We are back at school and now we are going to learn about shorting stock.

When you want to make a bet on a company you buy the company's shares. But how about when you want to make a bet against a company? Just flip the equation: sell the firm's shares.

Yeah, I know, where are you going to come up with the shares when the clown who bought them demands that you fork over the stock? Brokers, you will be glad to know, have thought of every contingency. They will loan you the shares to sell! That way you can send the borrowed shares to the new buyer and never have to own it yourself. That's called short-selling.

Okay, so let's say you hear that National Gift Wrap might be having a tough quarter. Maybe you hear that the Xmas Mylar line isn't selling well. How do you profit off of it? You can sell National Gift Wrap short (as this is my Dad's company and he's having a pretty good fall, this would be a foolish bet if the company were actually public), say at $30 a share where it is currently selling, and bet that it falls to, say $25 when the bad news comes out.

You then pick up the five points difference. Had you done it a thousand times you would have made $5,000 betting against National Gift, quite a handsome return for your negativity.

Of course there are a set of rules that must be followed that are particular to short-selling. You need what is known as an "uptick," meaning someone has to pay a higher price for the shares than the last sale. So if National Gift Wrap is at $30, you can't just bang the shares out short, you have to wait until someone pays higher than the last sale to get the trade done.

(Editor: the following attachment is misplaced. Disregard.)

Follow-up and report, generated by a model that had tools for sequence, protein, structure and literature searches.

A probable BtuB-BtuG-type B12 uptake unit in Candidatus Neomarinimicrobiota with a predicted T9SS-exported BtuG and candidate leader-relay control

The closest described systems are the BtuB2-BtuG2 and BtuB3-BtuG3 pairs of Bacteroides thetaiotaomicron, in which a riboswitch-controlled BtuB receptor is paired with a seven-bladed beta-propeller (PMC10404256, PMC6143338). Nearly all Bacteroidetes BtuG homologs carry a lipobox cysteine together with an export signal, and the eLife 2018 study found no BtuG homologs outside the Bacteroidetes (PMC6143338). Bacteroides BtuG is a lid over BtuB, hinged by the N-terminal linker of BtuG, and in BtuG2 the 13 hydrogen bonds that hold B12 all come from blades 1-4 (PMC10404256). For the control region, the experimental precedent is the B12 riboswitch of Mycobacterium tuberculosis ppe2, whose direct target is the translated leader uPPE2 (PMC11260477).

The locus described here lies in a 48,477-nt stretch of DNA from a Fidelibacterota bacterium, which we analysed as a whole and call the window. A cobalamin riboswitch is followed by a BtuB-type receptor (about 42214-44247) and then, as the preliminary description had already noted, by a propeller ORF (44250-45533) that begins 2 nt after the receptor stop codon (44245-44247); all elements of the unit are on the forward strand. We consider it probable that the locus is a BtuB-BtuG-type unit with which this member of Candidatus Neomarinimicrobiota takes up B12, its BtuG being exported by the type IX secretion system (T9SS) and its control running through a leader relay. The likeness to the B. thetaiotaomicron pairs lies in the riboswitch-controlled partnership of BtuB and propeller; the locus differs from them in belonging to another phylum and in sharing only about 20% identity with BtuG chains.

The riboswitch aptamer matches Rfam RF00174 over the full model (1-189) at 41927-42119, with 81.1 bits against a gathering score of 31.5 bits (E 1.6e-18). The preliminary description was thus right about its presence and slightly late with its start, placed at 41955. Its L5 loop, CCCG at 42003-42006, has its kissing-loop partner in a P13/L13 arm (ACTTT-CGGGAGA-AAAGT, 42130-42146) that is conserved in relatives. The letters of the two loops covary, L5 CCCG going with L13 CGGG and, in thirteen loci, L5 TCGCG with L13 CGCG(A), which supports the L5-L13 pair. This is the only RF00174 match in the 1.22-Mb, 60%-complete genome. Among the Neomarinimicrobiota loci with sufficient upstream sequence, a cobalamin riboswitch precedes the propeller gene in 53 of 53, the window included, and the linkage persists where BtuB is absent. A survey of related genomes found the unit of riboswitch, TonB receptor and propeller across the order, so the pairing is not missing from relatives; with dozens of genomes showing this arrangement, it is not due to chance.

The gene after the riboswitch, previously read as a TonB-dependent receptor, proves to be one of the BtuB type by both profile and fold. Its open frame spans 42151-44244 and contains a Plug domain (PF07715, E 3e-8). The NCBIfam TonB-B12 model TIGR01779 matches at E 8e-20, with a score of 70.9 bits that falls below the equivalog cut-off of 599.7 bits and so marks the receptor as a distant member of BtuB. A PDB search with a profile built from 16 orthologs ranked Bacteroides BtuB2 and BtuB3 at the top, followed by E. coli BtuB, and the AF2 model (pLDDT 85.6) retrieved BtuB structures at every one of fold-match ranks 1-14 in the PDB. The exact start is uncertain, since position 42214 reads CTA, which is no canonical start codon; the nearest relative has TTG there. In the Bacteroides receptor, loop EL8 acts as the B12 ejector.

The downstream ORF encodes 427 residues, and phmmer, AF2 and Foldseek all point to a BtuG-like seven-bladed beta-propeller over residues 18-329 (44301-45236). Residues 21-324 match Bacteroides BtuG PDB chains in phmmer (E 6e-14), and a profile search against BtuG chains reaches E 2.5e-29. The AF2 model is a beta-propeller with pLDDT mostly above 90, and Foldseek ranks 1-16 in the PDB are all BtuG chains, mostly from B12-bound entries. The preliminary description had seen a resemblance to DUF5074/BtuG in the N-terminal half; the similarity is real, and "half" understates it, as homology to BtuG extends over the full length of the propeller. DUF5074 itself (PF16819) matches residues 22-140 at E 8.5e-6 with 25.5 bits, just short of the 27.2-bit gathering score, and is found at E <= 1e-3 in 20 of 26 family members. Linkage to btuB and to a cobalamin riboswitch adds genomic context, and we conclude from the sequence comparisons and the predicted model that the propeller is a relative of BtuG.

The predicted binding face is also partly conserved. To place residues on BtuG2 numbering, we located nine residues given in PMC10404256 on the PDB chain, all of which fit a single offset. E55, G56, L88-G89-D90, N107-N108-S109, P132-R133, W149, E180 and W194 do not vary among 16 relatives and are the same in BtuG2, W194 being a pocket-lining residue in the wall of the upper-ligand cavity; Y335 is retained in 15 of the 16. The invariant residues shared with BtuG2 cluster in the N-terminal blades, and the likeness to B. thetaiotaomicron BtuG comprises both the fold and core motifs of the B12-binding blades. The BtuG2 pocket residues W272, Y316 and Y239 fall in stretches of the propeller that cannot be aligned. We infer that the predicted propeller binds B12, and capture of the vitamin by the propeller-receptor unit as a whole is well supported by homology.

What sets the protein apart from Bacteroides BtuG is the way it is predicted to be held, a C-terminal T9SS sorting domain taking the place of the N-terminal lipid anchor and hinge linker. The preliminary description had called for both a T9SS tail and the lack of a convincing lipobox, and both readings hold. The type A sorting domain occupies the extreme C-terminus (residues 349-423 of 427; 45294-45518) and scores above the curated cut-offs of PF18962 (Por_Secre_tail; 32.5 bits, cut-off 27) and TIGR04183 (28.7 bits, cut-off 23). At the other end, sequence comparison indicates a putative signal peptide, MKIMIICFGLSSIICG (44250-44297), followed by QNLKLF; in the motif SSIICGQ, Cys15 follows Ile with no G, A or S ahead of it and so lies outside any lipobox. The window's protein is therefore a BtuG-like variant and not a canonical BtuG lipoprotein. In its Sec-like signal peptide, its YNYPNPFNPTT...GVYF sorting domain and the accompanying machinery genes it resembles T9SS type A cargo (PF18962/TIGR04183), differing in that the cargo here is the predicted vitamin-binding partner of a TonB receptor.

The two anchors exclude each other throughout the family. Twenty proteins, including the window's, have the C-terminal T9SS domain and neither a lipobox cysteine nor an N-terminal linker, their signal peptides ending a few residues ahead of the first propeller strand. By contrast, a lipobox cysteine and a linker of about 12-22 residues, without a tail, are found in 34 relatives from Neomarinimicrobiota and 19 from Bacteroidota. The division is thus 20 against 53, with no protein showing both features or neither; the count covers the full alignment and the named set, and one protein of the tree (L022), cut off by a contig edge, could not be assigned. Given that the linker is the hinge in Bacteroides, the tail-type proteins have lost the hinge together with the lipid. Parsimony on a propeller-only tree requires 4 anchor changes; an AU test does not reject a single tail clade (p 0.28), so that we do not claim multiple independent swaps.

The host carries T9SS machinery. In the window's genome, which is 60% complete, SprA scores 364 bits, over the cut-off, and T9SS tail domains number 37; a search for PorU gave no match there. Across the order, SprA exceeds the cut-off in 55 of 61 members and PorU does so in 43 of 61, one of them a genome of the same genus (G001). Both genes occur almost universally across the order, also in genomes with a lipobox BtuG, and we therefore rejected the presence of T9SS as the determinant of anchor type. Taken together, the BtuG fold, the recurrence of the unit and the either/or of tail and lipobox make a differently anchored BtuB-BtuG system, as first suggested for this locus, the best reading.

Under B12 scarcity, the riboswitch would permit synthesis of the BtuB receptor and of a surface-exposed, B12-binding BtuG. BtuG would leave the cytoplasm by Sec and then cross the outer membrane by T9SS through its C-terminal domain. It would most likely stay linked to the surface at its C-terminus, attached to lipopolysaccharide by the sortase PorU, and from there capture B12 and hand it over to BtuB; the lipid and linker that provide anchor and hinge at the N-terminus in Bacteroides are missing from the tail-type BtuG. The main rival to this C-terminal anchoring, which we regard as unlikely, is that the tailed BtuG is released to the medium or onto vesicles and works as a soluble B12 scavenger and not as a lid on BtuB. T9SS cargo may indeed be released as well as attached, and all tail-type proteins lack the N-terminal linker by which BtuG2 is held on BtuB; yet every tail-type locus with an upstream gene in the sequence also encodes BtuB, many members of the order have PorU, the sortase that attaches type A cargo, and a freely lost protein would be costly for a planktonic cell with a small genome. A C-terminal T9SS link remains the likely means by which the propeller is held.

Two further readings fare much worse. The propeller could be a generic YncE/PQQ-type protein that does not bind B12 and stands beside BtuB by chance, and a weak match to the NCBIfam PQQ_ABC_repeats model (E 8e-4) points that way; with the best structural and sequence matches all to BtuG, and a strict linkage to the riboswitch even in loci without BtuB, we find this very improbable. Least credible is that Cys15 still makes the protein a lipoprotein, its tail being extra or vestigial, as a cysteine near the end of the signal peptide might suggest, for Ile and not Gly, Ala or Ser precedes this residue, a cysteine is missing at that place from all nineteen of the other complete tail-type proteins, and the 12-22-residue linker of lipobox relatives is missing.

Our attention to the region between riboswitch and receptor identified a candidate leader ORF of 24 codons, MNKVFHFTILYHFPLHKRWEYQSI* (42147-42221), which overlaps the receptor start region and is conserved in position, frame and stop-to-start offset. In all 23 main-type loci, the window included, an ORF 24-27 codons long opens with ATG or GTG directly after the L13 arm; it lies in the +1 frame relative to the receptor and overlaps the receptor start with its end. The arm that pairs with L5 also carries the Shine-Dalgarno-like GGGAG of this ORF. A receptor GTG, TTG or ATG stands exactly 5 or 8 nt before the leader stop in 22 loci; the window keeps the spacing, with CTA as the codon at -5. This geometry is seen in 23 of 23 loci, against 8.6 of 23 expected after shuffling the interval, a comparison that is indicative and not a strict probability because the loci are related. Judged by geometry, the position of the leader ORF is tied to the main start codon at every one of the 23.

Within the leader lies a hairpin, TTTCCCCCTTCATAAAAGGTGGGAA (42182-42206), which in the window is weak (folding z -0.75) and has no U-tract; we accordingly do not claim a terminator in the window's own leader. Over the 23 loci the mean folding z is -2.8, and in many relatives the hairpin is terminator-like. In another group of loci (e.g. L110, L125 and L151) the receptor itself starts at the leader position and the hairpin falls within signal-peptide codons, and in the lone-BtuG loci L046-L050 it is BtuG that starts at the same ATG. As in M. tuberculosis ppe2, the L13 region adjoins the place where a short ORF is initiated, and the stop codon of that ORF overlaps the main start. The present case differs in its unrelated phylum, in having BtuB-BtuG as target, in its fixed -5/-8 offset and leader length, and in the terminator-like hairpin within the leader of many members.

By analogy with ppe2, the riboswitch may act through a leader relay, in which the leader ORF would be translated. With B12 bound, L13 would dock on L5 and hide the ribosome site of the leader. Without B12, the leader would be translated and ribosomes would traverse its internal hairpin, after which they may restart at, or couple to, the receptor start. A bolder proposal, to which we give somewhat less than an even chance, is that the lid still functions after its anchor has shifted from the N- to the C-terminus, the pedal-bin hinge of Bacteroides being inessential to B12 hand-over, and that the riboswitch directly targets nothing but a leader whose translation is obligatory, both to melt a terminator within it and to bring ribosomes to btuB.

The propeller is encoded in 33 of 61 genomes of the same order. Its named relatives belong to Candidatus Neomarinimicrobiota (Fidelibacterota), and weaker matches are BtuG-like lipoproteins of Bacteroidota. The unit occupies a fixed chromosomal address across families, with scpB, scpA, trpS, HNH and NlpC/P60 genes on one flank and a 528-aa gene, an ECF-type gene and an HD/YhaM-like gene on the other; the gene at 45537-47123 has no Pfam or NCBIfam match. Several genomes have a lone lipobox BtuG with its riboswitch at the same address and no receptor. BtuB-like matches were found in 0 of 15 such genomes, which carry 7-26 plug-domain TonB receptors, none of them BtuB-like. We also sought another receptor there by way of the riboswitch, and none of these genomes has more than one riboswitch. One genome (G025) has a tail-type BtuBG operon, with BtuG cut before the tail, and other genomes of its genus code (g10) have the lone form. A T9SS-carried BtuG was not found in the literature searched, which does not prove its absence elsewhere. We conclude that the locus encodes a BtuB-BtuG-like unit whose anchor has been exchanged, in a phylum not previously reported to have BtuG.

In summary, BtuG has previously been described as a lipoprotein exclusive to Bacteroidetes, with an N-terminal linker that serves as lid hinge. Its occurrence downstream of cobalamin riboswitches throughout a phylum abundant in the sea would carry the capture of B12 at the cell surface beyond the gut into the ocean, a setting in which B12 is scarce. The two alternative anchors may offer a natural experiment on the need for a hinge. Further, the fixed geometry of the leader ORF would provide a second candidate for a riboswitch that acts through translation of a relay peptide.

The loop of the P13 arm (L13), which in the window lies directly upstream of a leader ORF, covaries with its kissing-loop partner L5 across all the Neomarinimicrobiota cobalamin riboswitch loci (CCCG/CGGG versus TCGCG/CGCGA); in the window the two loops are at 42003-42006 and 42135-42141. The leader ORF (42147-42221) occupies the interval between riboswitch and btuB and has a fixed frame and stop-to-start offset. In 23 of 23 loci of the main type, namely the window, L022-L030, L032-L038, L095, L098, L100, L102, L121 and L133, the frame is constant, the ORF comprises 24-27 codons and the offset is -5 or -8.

I know, that seems unfair. But in the bad old pre-

SEC

days bears used to maul stocks by conducting bear raids, literally wrecking stocks by getting short and then knocking them down by selling shares they did not own. The government took that edge from shortsellers by making them wait until someone is willing to pay up.

The practical affects of this rule is that when you know it is going to be really ugly in the market, you can't just come in and get short. On big down days nobody is paying up from the last sale for anything, except stuff that you will lose your shirt on if you short anyway.

That's why many people buy puts, instead of going short, because the impracticality of shorting on really ugly days cannot be stressed enough.

One other arcane rule: you have to be able to borrow the shares to begin with. Some stocks are unavailable for borrowing, either because too many have borrowed them already or because the shares are held in a few hands none of whom keep their shares with brokers.

You don't want to short those stocks anyway, because they can rocket higher if someone buys them aggressively, triggering what is known as a short squeeze, the most dangerous aspect of short trading. Want to know the pain of a short squeeze? Check out my story on

Noxell.

(Ed's note: The Cramer school series, a continuing educational series, is kicking into full form for the holiday season. In the coming days and weeks Cramer the Teacher will provide lessons on puts, buying puts or calls and selling puts or calls.)

James J. Cramer is manager of a hedge fund and co-chairman of TheStreet.com. Under no circumstances does the information in this column represent a recommendation to buy or sell stocks. Mr. Cramer's writings provide insights into the dynamics of money management and are not a solicitation for transactions. While he cannot provide investment advice or recommendations, he welcomes your feedback, emailed to

jjcletters@thestreet.com.